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S.C. Legislature Votes to Remove Confederate Flag; Chaos on Wall Street; Donald Trump: On the Attack. Aired 4:30-5a ET

Aired July 9, 2015 - 04:30   ET



[04:30:40] CHRISTINE ROMANS, CNN ANCHOR: Breaking news this morning, a new day for South Carolina. Late in the night, just moments ago, voting to remove the Confederate flag from state grounds.

JOHN BERMAN, CNN ANCHOR: Chaos on Wall Street. The New York Stock Exchange shutdown, huge swings in China's market, and this new last- minute bailout bid by Greece to stay in the European Union. But will it work? We have live team coverage breaking down these momentous events, ahead.

ROMANS: Donald Trump sits down with CNN, tough talk for his opponents in the 2016 presidential race. Donald Trump unplugged.

Does he ever plug in?

BERMAN: No, I don't think he's plugged in --

ROMANS: Welcome back. I'm Christine Romans.

BERMAN: I'm John Berman. Thirty-one minutes past the hour right now.

Breaking overnight: a historic vote just a short time ago. The South Carolina House passed a bill that orders to remove the Confederate battle flag from the grounds of the capitol grounds in Columbia. That flag you were seeing will fly no more.

The final vote came in the wee hours of the morning. It was 94-20. Governor Nikki Haley will now sign this measure. The debate, it was long, 13 hours. It featured impassioned pleas by lawmakers to make the Confederate emblem a thing of the past.


JENNY HORNE (R), SOUTH CAROLINA STATE HOUSE: If any of you vote to amend, you are ensuring that this flag will fly beyond Friday. And for the widow of Senator Pinckney and his two young daughters, that would be adding insult to injury, and I will not be a part of it.


BERMAN: The final vote came at 1:00 a.m. This renewed discussion of the Confederate flag sparked by the murder

of nine people at an African-American church last month.

Governor Haley applauded the vote with a statement saying, "It is a new day in South Carolina. A day we can all be proud of, a day that truly brings us all together as we continue to heal as one people and one state."

She will sign this bill as soon as today. The flag will come down as soon as tomorrow, we're told.

While that's going on, state police investigating numerous death threats against South Carolina lawmakers that were received during the emotional debate.

ROMANS: All right. Turmoil around the globe this morning. Unbelievable, computer glitch freezing up the New York Stock Exchange, United Airlines, even "The Wall Street Journal" yesterday. The Chinese stock markets plunged, despite the government's struggle to break its fall.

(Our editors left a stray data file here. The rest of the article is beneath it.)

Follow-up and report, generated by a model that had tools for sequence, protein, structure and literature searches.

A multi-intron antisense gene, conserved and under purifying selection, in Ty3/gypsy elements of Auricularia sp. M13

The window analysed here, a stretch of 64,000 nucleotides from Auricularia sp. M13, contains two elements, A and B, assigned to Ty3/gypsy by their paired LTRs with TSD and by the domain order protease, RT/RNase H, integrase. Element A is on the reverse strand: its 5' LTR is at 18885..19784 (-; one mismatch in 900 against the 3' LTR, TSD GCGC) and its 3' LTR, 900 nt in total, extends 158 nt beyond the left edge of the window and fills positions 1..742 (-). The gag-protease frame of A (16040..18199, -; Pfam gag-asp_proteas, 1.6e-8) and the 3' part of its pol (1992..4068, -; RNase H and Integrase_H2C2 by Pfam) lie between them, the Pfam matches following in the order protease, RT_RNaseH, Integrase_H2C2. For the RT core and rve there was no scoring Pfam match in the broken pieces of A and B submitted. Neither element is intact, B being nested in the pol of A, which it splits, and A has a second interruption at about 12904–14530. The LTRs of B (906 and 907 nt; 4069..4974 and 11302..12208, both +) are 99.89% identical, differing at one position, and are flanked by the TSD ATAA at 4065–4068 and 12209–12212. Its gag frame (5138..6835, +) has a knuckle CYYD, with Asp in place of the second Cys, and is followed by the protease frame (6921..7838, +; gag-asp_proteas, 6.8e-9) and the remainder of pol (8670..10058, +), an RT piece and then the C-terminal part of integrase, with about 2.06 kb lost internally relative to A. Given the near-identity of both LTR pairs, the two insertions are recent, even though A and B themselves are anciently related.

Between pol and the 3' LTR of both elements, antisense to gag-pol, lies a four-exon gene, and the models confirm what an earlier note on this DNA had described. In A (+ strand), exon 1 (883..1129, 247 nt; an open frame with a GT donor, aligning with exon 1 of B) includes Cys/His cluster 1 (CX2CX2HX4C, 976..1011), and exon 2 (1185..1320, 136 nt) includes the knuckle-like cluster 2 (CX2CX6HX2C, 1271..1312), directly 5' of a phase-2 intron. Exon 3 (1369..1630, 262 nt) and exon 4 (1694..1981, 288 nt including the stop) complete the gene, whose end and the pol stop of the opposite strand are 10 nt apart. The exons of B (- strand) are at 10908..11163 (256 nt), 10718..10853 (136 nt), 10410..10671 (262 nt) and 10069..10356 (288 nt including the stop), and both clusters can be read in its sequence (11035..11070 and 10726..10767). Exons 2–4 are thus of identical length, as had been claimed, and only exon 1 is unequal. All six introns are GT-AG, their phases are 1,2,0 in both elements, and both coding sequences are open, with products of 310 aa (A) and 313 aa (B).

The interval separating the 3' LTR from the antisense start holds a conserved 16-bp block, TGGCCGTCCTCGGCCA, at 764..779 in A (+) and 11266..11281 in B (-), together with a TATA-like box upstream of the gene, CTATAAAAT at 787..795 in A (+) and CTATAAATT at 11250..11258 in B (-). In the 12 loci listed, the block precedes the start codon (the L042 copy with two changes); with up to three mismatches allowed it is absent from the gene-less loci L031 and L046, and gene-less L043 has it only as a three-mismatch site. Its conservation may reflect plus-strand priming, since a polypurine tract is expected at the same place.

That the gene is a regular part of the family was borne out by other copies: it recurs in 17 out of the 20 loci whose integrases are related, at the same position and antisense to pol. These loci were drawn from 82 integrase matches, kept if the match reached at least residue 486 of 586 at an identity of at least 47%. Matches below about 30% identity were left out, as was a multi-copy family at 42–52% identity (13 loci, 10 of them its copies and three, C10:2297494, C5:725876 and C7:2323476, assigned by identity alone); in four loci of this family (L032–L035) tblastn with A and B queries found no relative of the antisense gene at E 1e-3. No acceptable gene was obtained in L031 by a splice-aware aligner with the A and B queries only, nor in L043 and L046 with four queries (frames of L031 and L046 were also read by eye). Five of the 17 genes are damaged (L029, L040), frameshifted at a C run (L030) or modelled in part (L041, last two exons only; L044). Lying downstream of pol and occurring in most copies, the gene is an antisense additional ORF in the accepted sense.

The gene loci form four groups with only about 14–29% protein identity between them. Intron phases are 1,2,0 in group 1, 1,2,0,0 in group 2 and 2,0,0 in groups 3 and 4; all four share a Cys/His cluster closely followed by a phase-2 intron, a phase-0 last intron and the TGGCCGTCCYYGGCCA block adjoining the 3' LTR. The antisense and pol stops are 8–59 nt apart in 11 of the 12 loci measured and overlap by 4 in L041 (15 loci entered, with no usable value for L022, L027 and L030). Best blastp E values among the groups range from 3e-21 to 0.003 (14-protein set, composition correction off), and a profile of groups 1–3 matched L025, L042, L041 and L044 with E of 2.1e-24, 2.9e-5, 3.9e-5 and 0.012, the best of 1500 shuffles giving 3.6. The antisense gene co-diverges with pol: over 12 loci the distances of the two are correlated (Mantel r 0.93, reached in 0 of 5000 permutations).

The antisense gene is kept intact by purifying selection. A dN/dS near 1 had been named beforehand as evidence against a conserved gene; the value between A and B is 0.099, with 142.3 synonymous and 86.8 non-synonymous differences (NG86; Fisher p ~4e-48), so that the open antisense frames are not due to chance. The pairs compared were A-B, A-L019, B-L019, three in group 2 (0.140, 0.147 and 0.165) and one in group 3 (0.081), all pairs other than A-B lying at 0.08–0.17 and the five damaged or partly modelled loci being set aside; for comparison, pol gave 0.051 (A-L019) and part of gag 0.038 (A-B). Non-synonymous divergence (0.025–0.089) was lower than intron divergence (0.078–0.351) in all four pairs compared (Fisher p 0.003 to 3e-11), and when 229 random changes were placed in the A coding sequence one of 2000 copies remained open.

And Greece seeking yet another bailout. This is the end of the road for Greece. The Federal Reserve worries the Greek crisis will hurt the U.S. economy.

We have live team coverage this morning from Hong Kong and Athens. But, first, a look at the latest on the market. At this very moment, Asian stocks are up. But it has been a wild day.

The Shanghai composite dropped 3 percent at the open and has reversed course, climbing almost 6 percent. Imagine that move. The Chinese government is doing everything it can to stop this bubble from bursting.

European stocks -- they are higher. There's hopes there had been an agreement in Greece's debt crisis. U.S. stock futures are higher. They are recovering from yesterday's chaos.

What happened yesterday? Well, 11:30 a.m., the New York Stock Exchange suspended trading and stayed shut for four years. The exchange said it was experiencing an internal technical issue. This was not a cyber breach.

Meanwhile, United Airlines, its fleet grounded worldwide on a different glitch. United says it's fixed a bad router. But travel is disrupted all day.

Folks, check your flights this morning. Those travel delays are rippling into this morning.

And yet another technical problem at "The Wall Street Journal". A 504 error greeted visitors to "The Journal's" home page. There was some speculation that maybe the rush of people running to "The Journal' Web site to see what was going on to the stock exchange overwhelmed their servers.

But at this point, it looks as though it's three different issues. I guess the risk of doing business in the digital era.

BERMAN: Over the last year, millions of people in China rushed to get into the market as it shot up. Now, they are watching as the market swings wildly.

ROMANS: Let's bring in CNN's Ivan Watson in Shanghai.

And, Ivan, I think, you know, just imagine the fact that half of China's stocks are not trading. They just are not trading. And if you are in one of those stocks, you can't get out. You are watching this helplessly.

IVAN WATSON, CNN SENIOR INTERNATIONAL CORRESPONDENT: It's crazy. I mean, I think a psychiatrist would describe the markets over the past 36 hours, their behavior is positively bipolar.